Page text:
Building on existing literature, investigations, and available project information, this reflection paper attempts a better understanding of how a comprehensive CRM can positively contribute to specific SDGs, adding value to ongoing discussions by examining both existing and potential synergies between CRM measures and the SDGs. Multiple synergies between CRM and the SDGs are identified; while CRM aims at fostering a holistic understanding and consideration of past and future climate change impacts in all affected sectors as well as needs and opportunities to manage possible losses and damages, sustainable development itself contributes to strengthened climate resilience.
While extreme weather events (EWE) have been given due prominence in risk management, slow-onset processes (SOP) such as sea level rise or desertification have so far been less well considered. This working paper lays out definitions, key challenges, and opportunities for understanding risk and generating resilience to SOP. It describes a Climate Risk Management framework developed for this purpose, and sets out key areas for collaboration across research and develop¬ment cooperation.
The climate-migration nexus has been attracting increasing scholarly attention in the last decades. The various manifestations of climate change including extreme events that are expected to get more frequent and more intense, and slow-onset changes that increasingly affect livelihoods in a context of international climate coordination failure add fuel to the fire. Countries in South-East Asia are among the most vulnerable to climate change, and future climate scenarios predict increases in multiple indicators, including temperatures, annual precipitation, number of consecutive too wet and dry days, among others. Understanding how these changes may shape human mobility is key to effective policy design to protect livelihoods and establish migration as a choice rather than necessity. This report contributes to the discourse on climate change and internal migration linkages in the Philippines by analysing data from the latest census available, building upon a large set of climate change indicators and by identifying policy entry points at different levels.
Unpacking Spatial Complexity: Case Studies of Planned Relocation with Multiple Origin and Destination Sites
Planned relocation is used as an adaptation and risk reduction strategy for communities or groups of households exposed to hazards, disasters and climate change. Yet little is known about the diversity in spatial patterns of planned relocation cases. This narrative and visual compilation of nine case studies derived from a global mapping by the Platform on Disaster Displacement (PDD) sheds light on the spatial complexity of planned relocation. It offers preliminary insights for policy and practice on characteristics, approaches to implementation and associated challenges.
Across Asia, disasters and climate change impacts have had, and will continue to have, profound effects on people and the places they call home. Building on a global mapping by the Platform on Disaster Displacement (PDD), this snapshot draws on cases identified
in Asia to shine a spotlight on notable characteristics and insights that emerge in this regional context.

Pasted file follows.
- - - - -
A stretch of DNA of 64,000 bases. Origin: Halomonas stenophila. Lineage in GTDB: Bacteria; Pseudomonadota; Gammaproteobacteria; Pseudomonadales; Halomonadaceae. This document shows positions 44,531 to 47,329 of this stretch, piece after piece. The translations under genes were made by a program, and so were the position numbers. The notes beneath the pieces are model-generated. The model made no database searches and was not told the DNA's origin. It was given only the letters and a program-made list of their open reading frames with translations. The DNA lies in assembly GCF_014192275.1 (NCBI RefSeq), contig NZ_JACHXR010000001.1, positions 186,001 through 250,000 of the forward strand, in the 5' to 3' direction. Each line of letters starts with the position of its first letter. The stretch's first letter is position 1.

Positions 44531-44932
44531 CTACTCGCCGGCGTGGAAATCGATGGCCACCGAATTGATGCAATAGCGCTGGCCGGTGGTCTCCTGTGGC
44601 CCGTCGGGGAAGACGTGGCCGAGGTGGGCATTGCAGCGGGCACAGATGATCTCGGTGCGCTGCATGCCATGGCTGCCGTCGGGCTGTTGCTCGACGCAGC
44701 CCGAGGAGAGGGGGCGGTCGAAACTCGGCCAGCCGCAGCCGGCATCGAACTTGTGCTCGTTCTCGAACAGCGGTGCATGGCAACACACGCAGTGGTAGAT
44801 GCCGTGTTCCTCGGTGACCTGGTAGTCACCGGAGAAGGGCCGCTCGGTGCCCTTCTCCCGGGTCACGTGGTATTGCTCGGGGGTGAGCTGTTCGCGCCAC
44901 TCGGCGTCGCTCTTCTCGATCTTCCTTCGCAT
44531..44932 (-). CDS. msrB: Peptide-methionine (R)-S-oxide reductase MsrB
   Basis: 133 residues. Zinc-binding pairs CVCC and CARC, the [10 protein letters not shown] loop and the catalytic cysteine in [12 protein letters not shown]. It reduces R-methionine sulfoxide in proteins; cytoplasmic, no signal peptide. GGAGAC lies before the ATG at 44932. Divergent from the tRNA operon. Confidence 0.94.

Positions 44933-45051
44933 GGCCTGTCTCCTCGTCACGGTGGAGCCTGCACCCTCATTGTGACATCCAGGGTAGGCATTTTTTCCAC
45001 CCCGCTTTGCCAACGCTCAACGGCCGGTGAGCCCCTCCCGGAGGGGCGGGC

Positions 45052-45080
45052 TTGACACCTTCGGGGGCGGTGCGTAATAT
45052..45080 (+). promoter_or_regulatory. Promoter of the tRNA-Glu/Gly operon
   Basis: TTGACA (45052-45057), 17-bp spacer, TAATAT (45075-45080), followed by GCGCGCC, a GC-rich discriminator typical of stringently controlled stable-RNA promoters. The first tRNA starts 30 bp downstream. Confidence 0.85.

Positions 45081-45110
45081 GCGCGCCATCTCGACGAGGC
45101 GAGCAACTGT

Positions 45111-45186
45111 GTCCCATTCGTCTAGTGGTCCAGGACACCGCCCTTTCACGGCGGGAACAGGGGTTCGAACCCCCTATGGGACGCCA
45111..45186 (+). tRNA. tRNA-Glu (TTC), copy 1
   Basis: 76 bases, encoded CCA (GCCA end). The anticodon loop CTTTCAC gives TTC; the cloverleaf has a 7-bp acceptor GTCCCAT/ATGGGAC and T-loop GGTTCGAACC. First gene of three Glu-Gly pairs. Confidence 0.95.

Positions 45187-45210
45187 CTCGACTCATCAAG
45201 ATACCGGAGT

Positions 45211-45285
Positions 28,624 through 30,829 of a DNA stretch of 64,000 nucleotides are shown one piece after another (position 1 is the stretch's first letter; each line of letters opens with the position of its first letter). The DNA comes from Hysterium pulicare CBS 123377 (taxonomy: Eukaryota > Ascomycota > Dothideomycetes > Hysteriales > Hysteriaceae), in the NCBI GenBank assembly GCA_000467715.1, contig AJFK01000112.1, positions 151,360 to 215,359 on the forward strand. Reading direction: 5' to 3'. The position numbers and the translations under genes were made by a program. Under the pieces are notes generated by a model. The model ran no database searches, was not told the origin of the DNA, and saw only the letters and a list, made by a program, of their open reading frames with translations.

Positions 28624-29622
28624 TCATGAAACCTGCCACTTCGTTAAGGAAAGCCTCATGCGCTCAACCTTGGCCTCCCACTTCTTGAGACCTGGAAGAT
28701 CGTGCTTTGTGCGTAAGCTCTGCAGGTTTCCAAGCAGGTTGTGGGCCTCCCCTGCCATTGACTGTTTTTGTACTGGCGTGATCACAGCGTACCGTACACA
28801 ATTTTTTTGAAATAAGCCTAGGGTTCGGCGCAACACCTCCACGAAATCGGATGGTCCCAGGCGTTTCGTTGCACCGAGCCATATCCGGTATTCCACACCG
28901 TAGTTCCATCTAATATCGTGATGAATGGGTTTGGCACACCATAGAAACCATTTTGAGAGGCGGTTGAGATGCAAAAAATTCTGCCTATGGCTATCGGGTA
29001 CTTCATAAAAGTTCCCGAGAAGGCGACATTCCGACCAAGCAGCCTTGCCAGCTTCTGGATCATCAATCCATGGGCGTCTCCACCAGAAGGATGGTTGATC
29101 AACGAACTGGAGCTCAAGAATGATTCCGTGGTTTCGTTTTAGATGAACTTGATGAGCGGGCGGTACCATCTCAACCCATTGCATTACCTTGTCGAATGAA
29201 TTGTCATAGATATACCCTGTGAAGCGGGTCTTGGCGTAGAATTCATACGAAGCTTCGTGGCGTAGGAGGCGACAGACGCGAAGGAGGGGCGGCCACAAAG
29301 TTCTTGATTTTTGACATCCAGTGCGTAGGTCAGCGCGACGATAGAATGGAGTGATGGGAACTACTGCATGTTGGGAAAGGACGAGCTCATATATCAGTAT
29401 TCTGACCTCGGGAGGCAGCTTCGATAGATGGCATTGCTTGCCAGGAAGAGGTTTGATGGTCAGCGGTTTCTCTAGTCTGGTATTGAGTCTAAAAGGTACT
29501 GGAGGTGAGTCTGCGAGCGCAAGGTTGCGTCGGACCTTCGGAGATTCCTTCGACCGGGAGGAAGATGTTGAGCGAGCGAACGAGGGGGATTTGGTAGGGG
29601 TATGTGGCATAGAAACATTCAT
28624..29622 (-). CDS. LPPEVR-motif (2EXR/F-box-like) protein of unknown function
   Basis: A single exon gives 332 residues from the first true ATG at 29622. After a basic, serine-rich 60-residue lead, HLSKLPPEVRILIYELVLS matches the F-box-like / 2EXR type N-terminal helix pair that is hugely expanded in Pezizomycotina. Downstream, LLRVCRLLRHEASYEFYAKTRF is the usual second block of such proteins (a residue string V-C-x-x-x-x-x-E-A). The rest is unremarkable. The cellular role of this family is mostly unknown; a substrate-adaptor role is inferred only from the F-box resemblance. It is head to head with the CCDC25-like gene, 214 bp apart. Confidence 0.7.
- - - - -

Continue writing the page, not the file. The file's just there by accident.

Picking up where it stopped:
Facing the impacts and risks of climate change and disasters, communities and authorities in the Pacific region have initiated planned relocation of people out of harm’s way. Building on a global mapping by the Platform on Disaster Displacement (PDD), this snapshot draws on cases identified in the Pacific region and offers insights on regional specific features of planned relocation.
This publication builds on the landmark 2018 Groundswell report to examine climate-induced migration in the Lake Victoria Basin to inform policy makers and practitioners about the urgency for near- and farsighted planning, policy, and action as an integral part of the development response. This report uses a quantitative and qualitative understanding of plausible future climate migration scenarios and proposes core policy direction and domains for action to better anticipate and prepare for the issue. It also provides strategic policy responses to guide countries in the Lake Victoria Basin to better anticipate and prepare for the expected 16.6 – 38.5 million internal climate migrants in the Victoria Basin countries by 2020.
This publication builds on the landmark 2018 Groundswell report to examine climate-induced migration in West Africa to inform policy makers and practitioners about the urgency for near- and farsighted planning, policy, and action as an integral part of the development response.
Climate Risk Analysis for Identifying and Weighing Adaptation Strategies for the Agricultural Sector in Northern Ghana – A Study at District Level in the Upper West Region
The study focuses on evolving trends for temperature and precipitation, future water availability and the suitability to grow crops in three Ghanaian districts in the Upper West Region: Lawra, Sissala East and Wa West. Climate change is already affecting the agricultural sector in northern Ghana and its impacts will continue to increase in the future. This puts livelihoods and economic growth at risk and shows the urgent need for effective adaptation strategies. The aim of the study is to provide a comprehensive climate risk analysis that can guide adaptation planning at the district level.
The purpose of this report is twofold: to illustrate the importance of integrating gender considerations in EbA actions and to provide concrete examples of how this can be done in practice. It is designed for EbA practitioners and adaptation policy-makers, including government decision-makers and technical support staff, civil society organisations, private sector enterprises, and research institutions.